New cardinal from Laos known for kindness and open-minded dialogue

Cardinal-designate Louis-Marie Ling Mangkhanekhoun, apostolic vicar of Pakse, Laos, places his hands on a new bishop during a 2010 ordination Mass. (CNS CNS photo/UCAN handout via EPA)Cardinal-designate Louis-Marie Ling Mangkhanekhoun, apostolic vicar of Pakse, Laos, places his hands on a new bishop during a 2010 ordination Mass. (CNS CNS photo/UCAN handout via EPA)

Cardinal-designate Louis-Marie Ling Mangkhanekhoun, who will become the first cardinal from Laos, is an ethnic Khmu, a hill tribe from northern Laos and southern China.

When St. John Paul II named Cardinal-designate Ling as apostolic vicar of Pakse, Laos, in 2000, the cardinal-designate told ucanews.com, "I never dreamed that this appointment was possible." On May 21, Pope Francis named his to the College of Cardinals; he will be elevated in a consistory at the Vatican on June 28.

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Father Raphael Tran Xuan Nhan of Vietnam's Vinh Diocese has worked in Laos since 2005. He described Cardinal-designate Ling as "a kind, friendly, wise and open-minded man. He is interested in evangelization work and welcomes all foreign missionaries to his country."

"Bishop Ling expertly uses dialogue rather than confrontation when addressing church issues and has helped government officials to understand that the Catholic Church is focused on social development," he told ucanews.com.

Father Nhan explained that the cardinal-designate has worked hard to integrate Christian values into Laotian cultures and traditions so that the church can live in harmony with the Buddhist-majority nation.

In a country with only about 45,000 Catholics, Cardinal-designate Ling has a method of seminarian education based on lay catechists, reported ucanews.com.

He explained his system to the Rome-based AsiaNews in 2015: "The positive thing is that we have married catechists who are true missionaries, who go to live in the villages and become the 'roots' of evangelization. They go, live, they begin to build bonds ..."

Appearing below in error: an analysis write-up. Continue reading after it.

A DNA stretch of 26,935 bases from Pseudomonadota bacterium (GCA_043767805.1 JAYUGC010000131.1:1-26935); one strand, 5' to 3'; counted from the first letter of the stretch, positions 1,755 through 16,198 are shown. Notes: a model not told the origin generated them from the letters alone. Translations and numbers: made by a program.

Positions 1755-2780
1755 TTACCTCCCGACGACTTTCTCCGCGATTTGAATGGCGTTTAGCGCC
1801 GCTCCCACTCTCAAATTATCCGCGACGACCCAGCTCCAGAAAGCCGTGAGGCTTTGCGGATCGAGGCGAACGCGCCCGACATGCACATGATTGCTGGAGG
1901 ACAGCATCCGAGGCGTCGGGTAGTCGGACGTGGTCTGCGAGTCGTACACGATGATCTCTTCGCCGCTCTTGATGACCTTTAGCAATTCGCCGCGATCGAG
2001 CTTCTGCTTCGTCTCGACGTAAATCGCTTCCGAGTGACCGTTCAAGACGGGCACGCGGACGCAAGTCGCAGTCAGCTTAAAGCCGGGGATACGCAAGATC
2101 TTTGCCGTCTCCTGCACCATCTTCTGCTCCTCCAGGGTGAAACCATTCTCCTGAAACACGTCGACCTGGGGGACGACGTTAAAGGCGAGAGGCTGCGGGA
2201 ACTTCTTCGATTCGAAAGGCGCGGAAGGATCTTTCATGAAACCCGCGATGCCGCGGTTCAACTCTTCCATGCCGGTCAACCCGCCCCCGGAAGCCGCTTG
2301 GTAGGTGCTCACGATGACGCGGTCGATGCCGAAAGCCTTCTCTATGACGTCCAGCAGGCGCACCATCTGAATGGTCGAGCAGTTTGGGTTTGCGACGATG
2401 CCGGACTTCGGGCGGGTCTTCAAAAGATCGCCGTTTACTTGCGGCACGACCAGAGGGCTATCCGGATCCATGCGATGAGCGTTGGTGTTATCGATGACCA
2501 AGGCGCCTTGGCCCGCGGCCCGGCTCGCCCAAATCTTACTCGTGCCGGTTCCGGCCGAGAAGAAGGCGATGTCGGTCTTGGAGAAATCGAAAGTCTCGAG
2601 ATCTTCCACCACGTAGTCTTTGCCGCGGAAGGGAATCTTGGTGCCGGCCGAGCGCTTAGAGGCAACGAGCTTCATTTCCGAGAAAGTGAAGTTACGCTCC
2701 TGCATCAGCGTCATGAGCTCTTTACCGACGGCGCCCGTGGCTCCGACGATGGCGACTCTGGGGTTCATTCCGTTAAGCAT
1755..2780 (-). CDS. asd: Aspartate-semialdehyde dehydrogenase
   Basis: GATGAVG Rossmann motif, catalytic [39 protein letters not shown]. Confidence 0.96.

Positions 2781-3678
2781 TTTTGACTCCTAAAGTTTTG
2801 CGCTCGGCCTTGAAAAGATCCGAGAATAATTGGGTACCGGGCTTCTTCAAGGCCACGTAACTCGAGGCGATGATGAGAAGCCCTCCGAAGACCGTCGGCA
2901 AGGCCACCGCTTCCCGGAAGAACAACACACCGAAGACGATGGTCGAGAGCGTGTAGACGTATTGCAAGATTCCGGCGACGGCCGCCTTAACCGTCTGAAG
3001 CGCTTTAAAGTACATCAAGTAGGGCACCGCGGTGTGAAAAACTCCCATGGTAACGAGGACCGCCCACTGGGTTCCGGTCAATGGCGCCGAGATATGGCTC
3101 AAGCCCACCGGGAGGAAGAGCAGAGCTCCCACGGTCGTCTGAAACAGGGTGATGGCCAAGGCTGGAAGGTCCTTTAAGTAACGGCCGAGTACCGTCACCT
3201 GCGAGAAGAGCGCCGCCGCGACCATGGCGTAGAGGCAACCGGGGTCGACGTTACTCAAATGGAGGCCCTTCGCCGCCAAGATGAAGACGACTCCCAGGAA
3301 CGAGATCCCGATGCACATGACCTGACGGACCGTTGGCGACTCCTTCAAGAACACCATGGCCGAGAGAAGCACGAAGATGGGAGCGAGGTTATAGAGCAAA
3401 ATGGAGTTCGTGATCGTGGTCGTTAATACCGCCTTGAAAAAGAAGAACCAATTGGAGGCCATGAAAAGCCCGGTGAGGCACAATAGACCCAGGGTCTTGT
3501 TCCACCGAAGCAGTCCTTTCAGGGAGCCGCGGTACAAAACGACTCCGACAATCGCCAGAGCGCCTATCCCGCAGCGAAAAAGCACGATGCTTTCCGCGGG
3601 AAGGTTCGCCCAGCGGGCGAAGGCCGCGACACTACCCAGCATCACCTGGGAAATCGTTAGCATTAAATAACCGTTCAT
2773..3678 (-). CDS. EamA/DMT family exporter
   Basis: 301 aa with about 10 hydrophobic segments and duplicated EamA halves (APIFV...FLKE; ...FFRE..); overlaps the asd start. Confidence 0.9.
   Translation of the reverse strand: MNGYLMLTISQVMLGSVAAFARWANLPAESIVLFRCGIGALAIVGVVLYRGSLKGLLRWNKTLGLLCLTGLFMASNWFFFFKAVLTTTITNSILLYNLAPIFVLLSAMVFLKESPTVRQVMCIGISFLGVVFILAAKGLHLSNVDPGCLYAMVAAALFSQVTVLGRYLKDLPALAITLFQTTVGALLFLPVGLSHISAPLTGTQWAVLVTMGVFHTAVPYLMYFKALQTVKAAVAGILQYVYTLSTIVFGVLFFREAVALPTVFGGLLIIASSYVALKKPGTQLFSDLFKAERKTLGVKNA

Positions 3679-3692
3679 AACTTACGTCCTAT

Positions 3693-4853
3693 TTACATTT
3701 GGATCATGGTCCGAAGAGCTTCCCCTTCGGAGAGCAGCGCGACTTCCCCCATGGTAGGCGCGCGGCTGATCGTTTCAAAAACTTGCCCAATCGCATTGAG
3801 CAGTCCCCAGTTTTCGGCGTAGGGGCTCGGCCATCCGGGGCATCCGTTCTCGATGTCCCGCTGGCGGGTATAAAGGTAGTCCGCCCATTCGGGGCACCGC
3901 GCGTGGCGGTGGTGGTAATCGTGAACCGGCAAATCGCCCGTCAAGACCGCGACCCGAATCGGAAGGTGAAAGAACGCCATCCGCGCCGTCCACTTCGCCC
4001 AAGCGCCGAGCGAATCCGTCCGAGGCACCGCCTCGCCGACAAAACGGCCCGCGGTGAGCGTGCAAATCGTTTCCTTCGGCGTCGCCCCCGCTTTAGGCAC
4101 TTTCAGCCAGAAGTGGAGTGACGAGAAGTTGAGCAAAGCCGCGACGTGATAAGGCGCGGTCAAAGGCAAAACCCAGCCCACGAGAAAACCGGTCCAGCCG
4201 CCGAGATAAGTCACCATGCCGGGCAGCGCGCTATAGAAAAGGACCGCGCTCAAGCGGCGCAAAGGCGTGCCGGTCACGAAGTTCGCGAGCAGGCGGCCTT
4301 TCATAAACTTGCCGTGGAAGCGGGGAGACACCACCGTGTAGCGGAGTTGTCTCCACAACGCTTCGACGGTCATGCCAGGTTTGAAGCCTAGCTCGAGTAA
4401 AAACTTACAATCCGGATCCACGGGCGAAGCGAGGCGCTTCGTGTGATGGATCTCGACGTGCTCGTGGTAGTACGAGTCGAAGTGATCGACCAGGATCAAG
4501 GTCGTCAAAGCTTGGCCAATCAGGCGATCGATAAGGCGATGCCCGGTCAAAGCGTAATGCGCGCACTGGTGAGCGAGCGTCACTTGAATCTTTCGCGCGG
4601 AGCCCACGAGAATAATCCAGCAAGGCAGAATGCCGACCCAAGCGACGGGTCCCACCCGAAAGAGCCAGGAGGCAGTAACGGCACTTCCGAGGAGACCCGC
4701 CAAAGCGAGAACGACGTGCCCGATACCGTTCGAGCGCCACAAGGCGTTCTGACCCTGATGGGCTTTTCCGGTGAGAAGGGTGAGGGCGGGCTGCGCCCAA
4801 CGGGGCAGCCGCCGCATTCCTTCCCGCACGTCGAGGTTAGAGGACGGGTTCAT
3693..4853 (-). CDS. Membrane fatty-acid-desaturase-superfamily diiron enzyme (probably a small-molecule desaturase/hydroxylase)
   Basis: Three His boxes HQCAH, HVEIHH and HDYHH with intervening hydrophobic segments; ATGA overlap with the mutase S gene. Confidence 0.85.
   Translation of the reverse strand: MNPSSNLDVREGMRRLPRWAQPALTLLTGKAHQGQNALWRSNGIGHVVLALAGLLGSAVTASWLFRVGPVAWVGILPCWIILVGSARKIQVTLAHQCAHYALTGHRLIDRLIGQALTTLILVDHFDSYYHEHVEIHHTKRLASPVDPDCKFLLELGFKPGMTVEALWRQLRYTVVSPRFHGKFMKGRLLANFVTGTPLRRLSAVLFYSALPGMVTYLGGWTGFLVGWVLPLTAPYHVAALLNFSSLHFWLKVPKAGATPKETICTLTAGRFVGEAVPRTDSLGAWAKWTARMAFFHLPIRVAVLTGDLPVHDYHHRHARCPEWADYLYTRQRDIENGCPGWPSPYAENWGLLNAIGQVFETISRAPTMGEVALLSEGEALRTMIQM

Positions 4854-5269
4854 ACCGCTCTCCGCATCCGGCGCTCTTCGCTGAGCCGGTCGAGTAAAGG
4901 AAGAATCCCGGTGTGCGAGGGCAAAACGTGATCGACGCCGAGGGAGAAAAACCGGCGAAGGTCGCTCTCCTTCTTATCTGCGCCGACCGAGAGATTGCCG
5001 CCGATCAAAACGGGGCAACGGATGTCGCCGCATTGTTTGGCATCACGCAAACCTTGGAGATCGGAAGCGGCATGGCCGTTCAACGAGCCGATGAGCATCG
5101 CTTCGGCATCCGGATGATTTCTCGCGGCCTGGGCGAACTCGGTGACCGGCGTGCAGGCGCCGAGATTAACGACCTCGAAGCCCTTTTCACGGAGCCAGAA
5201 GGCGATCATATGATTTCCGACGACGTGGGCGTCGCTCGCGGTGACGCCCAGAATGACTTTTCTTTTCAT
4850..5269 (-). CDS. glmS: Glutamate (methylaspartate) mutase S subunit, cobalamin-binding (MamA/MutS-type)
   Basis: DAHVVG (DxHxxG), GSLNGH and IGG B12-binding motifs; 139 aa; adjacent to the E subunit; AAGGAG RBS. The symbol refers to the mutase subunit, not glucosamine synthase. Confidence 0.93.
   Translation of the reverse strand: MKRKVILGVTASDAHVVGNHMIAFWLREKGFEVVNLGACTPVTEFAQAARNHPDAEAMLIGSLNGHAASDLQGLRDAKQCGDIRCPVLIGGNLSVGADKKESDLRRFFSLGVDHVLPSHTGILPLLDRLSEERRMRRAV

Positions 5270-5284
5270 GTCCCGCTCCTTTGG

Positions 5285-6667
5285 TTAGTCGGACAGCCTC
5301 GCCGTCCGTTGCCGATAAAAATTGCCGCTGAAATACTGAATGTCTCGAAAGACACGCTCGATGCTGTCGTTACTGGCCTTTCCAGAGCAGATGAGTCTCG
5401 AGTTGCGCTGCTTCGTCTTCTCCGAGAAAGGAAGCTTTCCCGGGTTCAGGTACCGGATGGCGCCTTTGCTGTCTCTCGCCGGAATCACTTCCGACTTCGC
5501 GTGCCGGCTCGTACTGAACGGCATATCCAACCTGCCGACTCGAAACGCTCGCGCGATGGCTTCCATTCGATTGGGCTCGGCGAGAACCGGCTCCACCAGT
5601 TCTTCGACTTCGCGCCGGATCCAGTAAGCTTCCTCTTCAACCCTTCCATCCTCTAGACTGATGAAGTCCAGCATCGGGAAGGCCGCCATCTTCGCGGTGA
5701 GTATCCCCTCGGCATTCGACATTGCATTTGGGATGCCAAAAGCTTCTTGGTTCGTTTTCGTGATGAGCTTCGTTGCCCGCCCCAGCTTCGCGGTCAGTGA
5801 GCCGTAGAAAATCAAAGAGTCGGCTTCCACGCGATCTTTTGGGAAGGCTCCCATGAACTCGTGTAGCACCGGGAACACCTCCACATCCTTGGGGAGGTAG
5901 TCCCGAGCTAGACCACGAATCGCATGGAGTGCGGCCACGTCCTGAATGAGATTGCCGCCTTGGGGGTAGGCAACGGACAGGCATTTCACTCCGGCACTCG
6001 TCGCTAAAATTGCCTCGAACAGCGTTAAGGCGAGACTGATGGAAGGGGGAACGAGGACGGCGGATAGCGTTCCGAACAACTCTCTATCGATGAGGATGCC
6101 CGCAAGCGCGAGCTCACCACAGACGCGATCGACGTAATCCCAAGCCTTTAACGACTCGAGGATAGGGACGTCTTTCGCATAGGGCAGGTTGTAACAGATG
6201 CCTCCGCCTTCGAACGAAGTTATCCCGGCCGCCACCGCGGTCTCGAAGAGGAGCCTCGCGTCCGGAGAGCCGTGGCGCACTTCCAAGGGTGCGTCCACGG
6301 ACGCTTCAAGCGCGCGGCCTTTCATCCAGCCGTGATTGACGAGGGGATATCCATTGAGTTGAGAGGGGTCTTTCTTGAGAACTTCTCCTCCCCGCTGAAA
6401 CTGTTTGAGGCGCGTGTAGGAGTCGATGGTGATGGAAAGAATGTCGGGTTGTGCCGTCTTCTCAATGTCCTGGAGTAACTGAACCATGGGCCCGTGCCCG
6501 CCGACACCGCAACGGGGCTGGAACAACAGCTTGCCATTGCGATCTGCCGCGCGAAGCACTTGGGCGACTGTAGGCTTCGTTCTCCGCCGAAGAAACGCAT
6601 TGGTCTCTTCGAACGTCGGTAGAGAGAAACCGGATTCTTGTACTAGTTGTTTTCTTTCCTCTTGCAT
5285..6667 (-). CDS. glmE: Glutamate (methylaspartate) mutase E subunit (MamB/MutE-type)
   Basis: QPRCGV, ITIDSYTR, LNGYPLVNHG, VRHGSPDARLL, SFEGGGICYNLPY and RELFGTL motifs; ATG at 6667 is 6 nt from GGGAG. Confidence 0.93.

"We offer this experience to the seminarians. Seminary students must study three years, then they must stop for at least a year, up to three years, to mature in their decision, but also for pastoral experience as catechists, carrying medicines, aid, prayers for the people of the mountain. They integrate with the villagers, live as the villagers do in everything.

"We now have eight major seminarians. They are very dedicated to the people, to the families. Through this sharing, we make our most important contribution, that is the faith," he said.

Catholics in Laos told ucanews.com that Cardinal-designate Ling is diligent and kind to the local community.

He has taken a keen interest in environmental issues, opposing the rapid deforestation by well-connected companies that pushed villagers from their land and created a spiral of social problems. Damming in Laos had threatened ecosystems, while rampant corruption was speeding the degradation.

"Now we are starting to destroy ourselves," Bishop Ling told ucanews.com in a 2015 interview. "It's not from climate change itself but (it is) coming from human beings, and humans doing something very wrong to destroy the earth."

Cardinal-designate Ling was born April 18, 1944, in northern Laos and was ordained a priest in 1972.

An apostolic vicariate is a church jurisdiction established in mission regions where the hierarchy is not yet fully organized. Pakse is one of four vicariates in Laos, which has no dioceses.

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